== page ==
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Who can you sue after suffering a hospital injury?

You went to the hospital for care, but you ended up with an infection that your body can't seem to shake. You've been hospitalized for weeks, taking antibiotics, receiving fluids and generally struggling to survive. You didn't expect your emergency room visit to end up with a severe complication from a hospital-acquired infection, but it has. It may be due to a medical provider making a mistake that led to your infection.

In some cases, a delay in treatment of an existing infection can cause severe complications. When you sought treatment, the staff placed you in the waiting room. You complained that you weren't well, but they kept taking other patients back. After several hours of delays, you nearly collapsed at the front desk and finally got help. By then, you required a series of antibiotics and surgery to stop the spread of sepsis and the deterioration of your body.

You can also develop an infection during surgery. Any time you have surgery, your body is exposed to many germs and bacteria. To suffer an infection like you have now is sometimes a result of medical providers using unsanitary tools or devices.

How do you know if you have a solid medical malpractice case?

If you want to sue, then you should sit down and think about your case. Was there a clear breakdown in communication? Do other medical providers believe you received substandard care? Is the hospital dirty, or did physicians or nurses break protocols? You need to have a solid basis for a claim. Having an obvious error to work with is something all attorneys need to begin working on your case.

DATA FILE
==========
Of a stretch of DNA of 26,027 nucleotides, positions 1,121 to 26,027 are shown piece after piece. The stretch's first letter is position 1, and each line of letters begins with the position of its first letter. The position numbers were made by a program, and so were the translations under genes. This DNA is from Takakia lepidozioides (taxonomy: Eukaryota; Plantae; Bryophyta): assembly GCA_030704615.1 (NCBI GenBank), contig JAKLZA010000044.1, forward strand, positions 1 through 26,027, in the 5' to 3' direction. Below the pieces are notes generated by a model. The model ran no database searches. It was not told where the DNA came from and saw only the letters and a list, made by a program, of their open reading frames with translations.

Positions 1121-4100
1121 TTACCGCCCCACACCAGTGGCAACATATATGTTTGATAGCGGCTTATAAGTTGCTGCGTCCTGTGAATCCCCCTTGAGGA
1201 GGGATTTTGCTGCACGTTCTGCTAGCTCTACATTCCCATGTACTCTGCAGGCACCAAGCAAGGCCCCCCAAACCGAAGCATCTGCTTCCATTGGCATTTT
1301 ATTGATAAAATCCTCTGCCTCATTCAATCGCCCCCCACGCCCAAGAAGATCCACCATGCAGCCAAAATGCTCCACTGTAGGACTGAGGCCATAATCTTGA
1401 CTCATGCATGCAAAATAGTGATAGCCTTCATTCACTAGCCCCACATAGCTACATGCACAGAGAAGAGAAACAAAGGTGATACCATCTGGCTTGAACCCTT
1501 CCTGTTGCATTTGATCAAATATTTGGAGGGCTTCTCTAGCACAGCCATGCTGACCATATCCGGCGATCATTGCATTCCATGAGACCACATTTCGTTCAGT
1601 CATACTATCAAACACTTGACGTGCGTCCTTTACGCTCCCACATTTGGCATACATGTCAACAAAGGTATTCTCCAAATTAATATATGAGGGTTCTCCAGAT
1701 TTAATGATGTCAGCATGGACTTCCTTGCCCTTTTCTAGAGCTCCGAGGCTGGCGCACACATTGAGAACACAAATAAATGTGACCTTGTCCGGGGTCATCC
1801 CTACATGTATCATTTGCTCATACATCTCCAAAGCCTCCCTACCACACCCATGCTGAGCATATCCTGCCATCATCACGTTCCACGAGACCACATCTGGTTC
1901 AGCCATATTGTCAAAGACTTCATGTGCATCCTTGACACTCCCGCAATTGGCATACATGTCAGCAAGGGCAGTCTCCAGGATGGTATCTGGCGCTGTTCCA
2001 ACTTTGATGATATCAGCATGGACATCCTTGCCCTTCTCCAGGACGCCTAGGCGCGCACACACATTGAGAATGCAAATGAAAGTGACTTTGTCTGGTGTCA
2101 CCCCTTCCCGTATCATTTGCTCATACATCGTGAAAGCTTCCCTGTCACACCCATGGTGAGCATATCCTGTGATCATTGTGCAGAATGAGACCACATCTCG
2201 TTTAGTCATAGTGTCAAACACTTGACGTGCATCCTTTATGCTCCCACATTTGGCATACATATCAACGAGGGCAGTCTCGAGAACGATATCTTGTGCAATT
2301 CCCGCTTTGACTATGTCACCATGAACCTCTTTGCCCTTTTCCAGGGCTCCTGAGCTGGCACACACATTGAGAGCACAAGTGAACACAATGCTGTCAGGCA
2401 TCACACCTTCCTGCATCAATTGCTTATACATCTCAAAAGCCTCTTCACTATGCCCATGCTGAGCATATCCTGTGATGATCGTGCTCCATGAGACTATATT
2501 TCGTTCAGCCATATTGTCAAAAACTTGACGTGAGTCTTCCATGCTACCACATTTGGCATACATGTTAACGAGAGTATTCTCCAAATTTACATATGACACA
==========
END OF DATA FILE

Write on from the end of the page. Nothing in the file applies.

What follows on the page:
A lack of evidence is sometimes common in these cases, especially because of how medical providers are detailing their own interactions with patients. They may leave out details or bend the truth to cover up errors. Still, patients have a right to pursue a claim if they suffer an injury.

Is it better to sue the hospital or medical provider?

In some cases, it's best to go after both. If the hospital is the employer, then you can pursue a claim directly. The good thing about this is that a hospital is more likely to have higher insurance coverage, so you have a chance of recovering a greater amount in a settlement or at trial. If the doctor is not employed by the hospital but you were not informed, you may still be able to pursue a claim against the hospital as well as against the medical provider directly.

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